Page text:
‘Yellow Jackets’ force French government to its knees
By scrapping tax rises on fuel until 2020 and freezing prices of gas and electricity it looks the Yellow Jacket movement has forced French government to its knees. Nevertheless, fearing a new wave of extreme violence in Paris on Saturday, French Prime Minister, Edouard Philippe, announced the deployment of 89.000 police officers.
Paris’ forces will be doubled and assisted by twelve armoured vehicles. In disarray, Macron’s government puts on hold all flustering policies.
Escalated into riots
Cobbles dislocated and thrown at police forces, graffiti on the walls, thrashed museum pieces and more than 130 people hurt. That was the scene of last Saturday’s protest around the Arc de Triomphe in Paris.
Born as a people’s cry-out on social media, the ‘peaceful’ marches of the Yellow Jackets and their road blocks have escalated into riots with thugs seizing the opportunity only to hurt people and break down public and private properties.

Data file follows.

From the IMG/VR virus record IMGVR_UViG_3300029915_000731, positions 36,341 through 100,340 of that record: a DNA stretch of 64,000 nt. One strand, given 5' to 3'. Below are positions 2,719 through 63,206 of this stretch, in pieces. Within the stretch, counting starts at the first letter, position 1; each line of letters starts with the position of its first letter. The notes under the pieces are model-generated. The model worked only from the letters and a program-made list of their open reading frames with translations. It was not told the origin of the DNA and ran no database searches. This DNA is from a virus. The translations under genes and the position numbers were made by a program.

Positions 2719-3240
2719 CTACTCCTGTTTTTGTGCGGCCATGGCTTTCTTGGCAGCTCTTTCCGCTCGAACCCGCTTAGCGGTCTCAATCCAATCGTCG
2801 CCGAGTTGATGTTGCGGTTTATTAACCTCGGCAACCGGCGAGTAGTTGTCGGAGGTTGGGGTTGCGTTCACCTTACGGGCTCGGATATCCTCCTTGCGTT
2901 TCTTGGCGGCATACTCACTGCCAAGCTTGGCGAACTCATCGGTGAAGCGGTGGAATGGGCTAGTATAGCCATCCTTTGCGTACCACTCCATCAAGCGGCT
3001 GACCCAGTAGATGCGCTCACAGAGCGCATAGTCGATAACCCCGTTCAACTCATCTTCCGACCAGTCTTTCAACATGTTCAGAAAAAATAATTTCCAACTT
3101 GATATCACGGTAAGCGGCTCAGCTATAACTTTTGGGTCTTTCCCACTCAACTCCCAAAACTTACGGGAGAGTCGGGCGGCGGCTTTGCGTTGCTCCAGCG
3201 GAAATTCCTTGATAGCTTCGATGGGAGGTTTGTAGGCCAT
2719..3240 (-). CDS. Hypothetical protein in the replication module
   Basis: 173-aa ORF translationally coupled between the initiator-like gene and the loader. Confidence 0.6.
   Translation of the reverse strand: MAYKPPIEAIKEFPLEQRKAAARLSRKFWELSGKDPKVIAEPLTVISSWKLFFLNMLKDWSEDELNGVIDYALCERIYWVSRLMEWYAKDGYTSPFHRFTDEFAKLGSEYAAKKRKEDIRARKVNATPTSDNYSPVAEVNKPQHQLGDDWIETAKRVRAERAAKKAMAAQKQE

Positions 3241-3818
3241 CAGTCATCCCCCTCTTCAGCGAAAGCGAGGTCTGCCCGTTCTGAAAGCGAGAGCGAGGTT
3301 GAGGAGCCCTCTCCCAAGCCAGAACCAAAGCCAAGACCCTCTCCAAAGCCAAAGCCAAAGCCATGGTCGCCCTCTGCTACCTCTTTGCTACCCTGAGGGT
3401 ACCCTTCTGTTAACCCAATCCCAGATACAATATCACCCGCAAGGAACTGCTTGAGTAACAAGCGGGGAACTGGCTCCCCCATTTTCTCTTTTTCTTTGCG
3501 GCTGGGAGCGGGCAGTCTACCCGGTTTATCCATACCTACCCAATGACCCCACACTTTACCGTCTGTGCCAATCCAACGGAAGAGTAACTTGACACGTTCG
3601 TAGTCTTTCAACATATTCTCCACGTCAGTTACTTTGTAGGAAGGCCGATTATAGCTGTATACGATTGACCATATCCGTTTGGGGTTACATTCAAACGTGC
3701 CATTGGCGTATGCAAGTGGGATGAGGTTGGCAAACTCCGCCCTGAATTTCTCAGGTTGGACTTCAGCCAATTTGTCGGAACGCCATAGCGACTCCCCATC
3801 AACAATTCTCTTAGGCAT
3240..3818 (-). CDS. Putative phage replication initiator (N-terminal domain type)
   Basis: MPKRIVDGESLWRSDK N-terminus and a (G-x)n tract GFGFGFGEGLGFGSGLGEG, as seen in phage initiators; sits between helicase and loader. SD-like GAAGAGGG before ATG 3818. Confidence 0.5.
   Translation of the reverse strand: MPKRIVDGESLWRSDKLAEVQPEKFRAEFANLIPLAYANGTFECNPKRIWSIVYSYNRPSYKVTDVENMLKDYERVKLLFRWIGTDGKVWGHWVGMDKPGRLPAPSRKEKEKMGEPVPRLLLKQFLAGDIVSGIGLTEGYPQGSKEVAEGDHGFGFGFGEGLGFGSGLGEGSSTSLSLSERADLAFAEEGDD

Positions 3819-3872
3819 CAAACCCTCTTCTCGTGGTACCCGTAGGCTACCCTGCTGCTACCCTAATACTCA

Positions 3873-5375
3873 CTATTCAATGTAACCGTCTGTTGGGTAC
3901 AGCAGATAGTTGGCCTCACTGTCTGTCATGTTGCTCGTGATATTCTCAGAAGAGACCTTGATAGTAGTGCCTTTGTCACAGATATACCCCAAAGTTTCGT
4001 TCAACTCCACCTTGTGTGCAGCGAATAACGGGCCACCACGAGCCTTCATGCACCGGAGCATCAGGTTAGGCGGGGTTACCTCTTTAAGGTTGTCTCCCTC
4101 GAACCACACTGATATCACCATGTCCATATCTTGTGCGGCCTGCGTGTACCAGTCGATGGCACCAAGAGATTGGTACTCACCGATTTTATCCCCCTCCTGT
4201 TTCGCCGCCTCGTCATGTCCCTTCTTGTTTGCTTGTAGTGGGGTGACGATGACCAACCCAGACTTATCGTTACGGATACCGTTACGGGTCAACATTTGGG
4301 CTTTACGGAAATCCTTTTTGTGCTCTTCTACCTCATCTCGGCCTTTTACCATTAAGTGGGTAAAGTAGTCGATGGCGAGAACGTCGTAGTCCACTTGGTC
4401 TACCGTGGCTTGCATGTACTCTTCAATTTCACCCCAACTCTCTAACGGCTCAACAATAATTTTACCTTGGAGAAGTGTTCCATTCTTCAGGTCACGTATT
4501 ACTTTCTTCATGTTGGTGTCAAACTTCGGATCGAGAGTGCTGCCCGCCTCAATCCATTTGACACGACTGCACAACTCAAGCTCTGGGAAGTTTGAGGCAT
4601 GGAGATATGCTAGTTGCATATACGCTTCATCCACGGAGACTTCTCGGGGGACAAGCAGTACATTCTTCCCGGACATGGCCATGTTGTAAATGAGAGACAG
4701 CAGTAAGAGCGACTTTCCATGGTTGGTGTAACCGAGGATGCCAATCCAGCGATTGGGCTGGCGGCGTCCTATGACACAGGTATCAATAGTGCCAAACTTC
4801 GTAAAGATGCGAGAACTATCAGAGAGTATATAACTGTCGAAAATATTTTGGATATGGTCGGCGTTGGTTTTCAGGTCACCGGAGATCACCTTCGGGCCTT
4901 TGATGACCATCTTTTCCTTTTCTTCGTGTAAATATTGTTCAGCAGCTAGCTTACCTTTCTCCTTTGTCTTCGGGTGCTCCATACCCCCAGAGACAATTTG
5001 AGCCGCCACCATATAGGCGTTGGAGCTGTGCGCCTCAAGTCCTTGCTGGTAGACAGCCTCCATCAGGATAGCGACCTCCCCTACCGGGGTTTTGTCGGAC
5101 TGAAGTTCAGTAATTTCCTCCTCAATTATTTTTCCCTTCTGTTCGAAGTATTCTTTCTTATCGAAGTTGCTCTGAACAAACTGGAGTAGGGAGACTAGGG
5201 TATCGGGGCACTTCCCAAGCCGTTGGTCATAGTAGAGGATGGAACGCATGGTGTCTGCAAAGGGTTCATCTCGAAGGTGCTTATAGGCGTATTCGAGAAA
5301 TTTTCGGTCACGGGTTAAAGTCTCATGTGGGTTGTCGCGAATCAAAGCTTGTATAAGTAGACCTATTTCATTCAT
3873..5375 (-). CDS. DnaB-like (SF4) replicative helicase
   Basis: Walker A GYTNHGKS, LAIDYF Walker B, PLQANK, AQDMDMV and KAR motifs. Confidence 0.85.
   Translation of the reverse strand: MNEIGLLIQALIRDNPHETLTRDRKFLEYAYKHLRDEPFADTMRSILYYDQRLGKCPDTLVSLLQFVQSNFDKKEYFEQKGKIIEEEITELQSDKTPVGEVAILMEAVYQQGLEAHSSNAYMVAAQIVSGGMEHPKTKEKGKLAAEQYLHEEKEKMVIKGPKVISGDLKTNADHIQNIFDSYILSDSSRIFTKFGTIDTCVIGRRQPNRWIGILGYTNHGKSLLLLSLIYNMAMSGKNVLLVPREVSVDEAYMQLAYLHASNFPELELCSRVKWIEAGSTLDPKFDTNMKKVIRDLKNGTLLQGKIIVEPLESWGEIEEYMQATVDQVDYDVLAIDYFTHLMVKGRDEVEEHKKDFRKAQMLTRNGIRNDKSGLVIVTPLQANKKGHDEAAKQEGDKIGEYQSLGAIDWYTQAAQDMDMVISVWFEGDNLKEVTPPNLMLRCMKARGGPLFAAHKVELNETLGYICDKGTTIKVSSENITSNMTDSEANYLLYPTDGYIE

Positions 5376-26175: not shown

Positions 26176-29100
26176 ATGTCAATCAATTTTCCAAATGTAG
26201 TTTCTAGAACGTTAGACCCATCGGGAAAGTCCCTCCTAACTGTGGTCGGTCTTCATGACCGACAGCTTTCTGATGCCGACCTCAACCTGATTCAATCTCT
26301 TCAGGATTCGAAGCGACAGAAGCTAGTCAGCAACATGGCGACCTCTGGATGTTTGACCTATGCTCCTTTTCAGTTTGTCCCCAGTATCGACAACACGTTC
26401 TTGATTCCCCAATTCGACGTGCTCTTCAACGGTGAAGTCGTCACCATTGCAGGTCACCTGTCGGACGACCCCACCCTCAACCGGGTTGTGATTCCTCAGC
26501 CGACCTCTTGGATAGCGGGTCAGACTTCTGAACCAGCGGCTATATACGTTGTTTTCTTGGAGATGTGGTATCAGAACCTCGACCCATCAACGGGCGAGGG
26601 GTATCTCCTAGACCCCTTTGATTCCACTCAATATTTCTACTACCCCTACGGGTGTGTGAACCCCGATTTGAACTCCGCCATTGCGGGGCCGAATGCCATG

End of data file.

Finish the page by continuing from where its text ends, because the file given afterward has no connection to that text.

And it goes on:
The perspective of new riots worry Paris’ citizens and the government. Information from social networks collected by the Internal Affairs Ministry doesn’t bode well. The Elysee worries about “strong violence with a core of thousands of people determined to break or even kill.”
On TF1 Thursday evening, Prime Minister, Edouard Philippe, announced the deployment of an exceptional number of police officers (89.000) all around France. For Paris alone, officers and CRS (riot forces) will see their number doubled and armoured vehicles will assist them.
Unsuccessful reassurance measures
Measures presented by Edouard Philippe in front of the French people, the MPs and the senators didn’t have the desired effect. On Wednesday, the PM pointed out to the responsibility of public actors, political representatives, unions, news editors and citizens in this escalating issue.
Professional and political actors are wondering about the leeway that Emmanuel Macron will have Sunday if the situation gets out of control. After the Prime Minister’s speech at the National Assembly, Les Republicains’ leader, Christian Jacob, described it as a ‘farewell speech’.
Trying to take the lead
According to information published on Thursday in Le Parisien, Marcon is trying to take the lead. He has ordered all ministers to put on hold any flustering policies. Yet, the President is determined not to scrap all the work that has been done for the last eighteen months.